Reviews of the Royal Ballet in "Jewels."
The Financial Times
As an alternative to – and escape from – the inevitable Nutcracker, the Royal Ballet this year proposes Jewels, Balanchine’s celebration of scores by Fauré, Stravinsky, Tchaikovsky, whose worlds he explores in blissful choreography. So Emeralds evokes fin de siècle sensibilities, Proustian subtleties and shadowed regrets, Verlaine’s Fêtes galantes, all implicit in Fauré’s theatre-music. And hugely difficult it is to bring off. Its heart was originally Balanchine’s French ballerina, Violette Verdy, whom we saw as music personified in elegant dance – and how sadly her spirit and her grace were missing at Tuesday night’s revival, which, save for Laura Morera’s beautiful phrasing and sensibilities, was numb, with Edward Watson wasted in this galère.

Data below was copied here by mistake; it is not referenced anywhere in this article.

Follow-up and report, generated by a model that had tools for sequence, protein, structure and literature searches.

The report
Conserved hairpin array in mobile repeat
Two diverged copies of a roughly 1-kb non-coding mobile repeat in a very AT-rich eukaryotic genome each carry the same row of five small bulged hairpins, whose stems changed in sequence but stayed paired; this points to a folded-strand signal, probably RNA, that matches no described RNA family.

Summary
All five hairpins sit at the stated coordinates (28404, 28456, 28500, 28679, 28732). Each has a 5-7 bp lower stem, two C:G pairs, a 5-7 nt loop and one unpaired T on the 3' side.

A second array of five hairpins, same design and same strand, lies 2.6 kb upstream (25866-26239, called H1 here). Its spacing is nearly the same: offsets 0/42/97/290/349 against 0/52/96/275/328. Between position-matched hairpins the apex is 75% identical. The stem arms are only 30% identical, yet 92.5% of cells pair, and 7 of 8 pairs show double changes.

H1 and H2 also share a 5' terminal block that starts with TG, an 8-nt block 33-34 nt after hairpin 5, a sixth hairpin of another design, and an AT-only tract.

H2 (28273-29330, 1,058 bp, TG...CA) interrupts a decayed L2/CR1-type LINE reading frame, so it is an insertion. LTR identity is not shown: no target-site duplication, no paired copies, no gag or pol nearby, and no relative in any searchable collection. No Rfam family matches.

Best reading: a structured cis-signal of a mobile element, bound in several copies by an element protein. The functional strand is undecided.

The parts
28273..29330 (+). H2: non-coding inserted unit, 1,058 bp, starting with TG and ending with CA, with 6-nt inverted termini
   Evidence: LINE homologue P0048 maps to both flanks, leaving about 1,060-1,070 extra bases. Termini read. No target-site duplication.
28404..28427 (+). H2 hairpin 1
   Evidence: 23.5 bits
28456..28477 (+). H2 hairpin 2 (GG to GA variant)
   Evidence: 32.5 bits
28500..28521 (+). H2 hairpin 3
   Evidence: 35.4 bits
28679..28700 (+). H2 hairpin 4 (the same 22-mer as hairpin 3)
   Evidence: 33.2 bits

Marianela Nuñez, partnered by Thiago Soares, makes that story individual and sublime. In the opening duet, she dances in a state of heightened wonder, broken only by a dawning ripple of sensuality in her arms, and the wilfulness of an arrogantly held arabesque. Then, as the trance breaks, something very rare happens. So radiantly commanding is Nuñez's technique that her performances look genuinely effortless. Dancing Diamonds, it's as though Nuñez has been given the choreography as a very special present; she's simply letting us watch as she opens it.
Not so in Rubies. As the lone amazonian, Zenaida Yanowsky, pro that she is, swiftly banished memories of an unfortunate early stumble backwards, delivering a mighty display of lofty, sexy, devil-may-care insolence. And there was an air of mutual and musical exhilaration about the central couple – Sarah Lamb and Steven McRae – that blazed into the stalls.
The Arts Desk
Emeralds is almost a scent rather than a ballet, a drifting, ephemeral mood of past happiness. It floats gently by, and if you try, as a dancer, to make your mark on it, you have already stepped too heavily. Akane Takada in the pas de trois alone captured the style; Alexander Campbell danced well, although in a four-square Petipa presentation that would have been better left to Diamonds. Otherwise Emeralds was what it too often is, a sort of Presbyterian heaven, where everyone stands around looking refined, but boredom prevails.